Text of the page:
YOUR ADVOCACY PLAN
Develop Your Advocacy Program Strategies
What Strategies Will Help You Meet Your Objectives?
Objectives determine what you will accomplish. Strategies determine how you will accomplish it. A single strategy can (and usually should) help to achieve more than one objective. You will want to limit the number of strategies in order to avoid overextending limited resources. It is more effective to do a few things well than many things incompletely.
For the objectives stated previously, you might develop the following strategies:
- Create opportunities to involve spokespeople from the community with firsthand experience of fire loss. This testimony conveys the need for strong fire prevention (such as a burn survivor speaking to a group or a media story about a worker who lost his job due to fire shutting down a local business).
- Network to distribute key fire safety materials to target audiences.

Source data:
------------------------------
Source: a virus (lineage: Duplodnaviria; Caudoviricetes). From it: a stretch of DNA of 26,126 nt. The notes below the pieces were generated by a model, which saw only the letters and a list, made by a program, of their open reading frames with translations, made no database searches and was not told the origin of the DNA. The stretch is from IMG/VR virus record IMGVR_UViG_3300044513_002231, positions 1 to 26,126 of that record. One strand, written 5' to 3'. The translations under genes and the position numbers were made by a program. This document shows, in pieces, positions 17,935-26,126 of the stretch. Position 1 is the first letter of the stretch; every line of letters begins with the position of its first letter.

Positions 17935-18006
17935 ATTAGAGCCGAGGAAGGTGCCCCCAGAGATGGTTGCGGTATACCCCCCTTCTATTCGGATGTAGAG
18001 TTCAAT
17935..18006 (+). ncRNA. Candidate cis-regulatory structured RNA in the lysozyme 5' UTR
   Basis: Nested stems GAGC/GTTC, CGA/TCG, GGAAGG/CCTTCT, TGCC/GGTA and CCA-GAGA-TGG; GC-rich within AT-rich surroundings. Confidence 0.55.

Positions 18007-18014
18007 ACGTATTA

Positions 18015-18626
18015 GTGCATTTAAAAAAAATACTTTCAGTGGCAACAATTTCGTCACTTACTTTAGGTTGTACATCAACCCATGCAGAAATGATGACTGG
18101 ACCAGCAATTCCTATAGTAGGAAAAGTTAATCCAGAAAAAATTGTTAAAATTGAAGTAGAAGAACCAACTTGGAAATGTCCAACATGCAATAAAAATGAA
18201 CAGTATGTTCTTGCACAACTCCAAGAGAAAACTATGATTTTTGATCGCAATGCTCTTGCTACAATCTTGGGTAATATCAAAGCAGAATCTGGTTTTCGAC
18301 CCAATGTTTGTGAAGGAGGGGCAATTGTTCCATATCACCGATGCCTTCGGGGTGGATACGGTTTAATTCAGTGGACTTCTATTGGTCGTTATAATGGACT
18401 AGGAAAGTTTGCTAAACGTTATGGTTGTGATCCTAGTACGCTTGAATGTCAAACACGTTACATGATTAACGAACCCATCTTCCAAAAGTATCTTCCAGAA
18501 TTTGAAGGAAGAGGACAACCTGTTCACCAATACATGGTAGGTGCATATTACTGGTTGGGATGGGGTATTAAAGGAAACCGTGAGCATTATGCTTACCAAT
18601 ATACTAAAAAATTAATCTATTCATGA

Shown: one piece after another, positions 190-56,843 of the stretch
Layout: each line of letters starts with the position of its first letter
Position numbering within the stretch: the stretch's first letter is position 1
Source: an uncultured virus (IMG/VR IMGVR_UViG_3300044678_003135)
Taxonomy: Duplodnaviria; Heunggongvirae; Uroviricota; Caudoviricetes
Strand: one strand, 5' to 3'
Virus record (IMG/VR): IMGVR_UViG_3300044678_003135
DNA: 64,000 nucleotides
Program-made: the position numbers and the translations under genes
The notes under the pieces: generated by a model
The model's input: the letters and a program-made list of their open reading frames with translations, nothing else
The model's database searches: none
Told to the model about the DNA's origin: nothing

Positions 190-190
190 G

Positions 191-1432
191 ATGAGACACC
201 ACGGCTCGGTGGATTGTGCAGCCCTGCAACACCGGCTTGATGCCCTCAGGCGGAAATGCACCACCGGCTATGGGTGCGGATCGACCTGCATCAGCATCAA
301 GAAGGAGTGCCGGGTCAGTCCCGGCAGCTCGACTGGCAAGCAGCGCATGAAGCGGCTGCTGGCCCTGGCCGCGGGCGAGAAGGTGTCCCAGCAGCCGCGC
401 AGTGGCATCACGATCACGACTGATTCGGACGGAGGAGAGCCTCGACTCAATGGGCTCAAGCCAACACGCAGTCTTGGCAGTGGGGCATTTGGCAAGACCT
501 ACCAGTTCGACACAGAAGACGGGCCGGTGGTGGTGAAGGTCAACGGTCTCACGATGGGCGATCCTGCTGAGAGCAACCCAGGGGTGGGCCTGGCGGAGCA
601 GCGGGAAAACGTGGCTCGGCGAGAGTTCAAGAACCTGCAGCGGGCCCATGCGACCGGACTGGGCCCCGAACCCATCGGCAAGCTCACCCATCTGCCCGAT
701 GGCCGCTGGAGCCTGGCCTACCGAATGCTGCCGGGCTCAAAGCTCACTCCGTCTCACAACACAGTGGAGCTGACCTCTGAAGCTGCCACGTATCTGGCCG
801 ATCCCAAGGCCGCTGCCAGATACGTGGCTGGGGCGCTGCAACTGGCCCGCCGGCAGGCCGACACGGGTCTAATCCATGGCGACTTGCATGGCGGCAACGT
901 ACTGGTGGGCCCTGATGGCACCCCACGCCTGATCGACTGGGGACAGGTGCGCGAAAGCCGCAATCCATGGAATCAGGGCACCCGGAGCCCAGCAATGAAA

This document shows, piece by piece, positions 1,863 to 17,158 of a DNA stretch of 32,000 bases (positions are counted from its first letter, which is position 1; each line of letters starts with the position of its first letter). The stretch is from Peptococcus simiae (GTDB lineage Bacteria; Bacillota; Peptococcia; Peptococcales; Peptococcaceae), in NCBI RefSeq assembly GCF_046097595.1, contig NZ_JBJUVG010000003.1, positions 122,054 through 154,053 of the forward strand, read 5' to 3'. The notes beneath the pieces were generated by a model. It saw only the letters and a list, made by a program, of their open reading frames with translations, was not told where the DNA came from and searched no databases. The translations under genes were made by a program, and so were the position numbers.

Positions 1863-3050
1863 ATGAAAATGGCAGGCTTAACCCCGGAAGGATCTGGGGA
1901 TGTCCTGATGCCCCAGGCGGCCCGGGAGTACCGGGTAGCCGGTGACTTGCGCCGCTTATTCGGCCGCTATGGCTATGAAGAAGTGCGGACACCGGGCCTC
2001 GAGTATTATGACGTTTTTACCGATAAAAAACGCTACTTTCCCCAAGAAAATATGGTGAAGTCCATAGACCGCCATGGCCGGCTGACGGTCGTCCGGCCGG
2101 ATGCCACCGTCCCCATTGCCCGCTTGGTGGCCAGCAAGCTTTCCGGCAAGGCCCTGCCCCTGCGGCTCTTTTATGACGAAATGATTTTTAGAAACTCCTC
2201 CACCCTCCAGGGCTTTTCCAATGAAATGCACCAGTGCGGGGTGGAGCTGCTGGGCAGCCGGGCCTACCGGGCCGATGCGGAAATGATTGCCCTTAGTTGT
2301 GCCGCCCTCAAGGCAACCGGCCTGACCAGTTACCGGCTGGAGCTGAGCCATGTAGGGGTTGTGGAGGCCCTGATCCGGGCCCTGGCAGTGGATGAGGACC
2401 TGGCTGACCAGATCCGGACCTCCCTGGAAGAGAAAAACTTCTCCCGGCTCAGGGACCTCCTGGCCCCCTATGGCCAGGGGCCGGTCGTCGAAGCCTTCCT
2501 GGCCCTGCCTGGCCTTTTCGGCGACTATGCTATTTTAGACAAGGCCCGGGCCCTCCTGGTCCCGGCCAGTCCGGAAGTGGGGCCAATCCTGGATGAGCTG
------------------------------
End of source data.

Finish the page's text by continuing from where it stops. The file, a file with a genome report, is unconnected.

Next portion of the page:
- Develop relationships with community leaders who are involved in fiscal planning.
Each strategy will require the development of tactics (actions or materials) that can also help achieve more than one strategy and objective. The following pages discuss what some of your target audiences might be and what tactics can be developed to reach them.
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Evaluate Your Program
Just as you need to document the effectiveness of your prevention programs, you also need to show the effectiveness of your advocacy program. Follow the same rules and procedures to determine if you are being successful at meeting your program objectives using the strategies you put in place. This will allow you to make adjustments as needed for a successful outcome.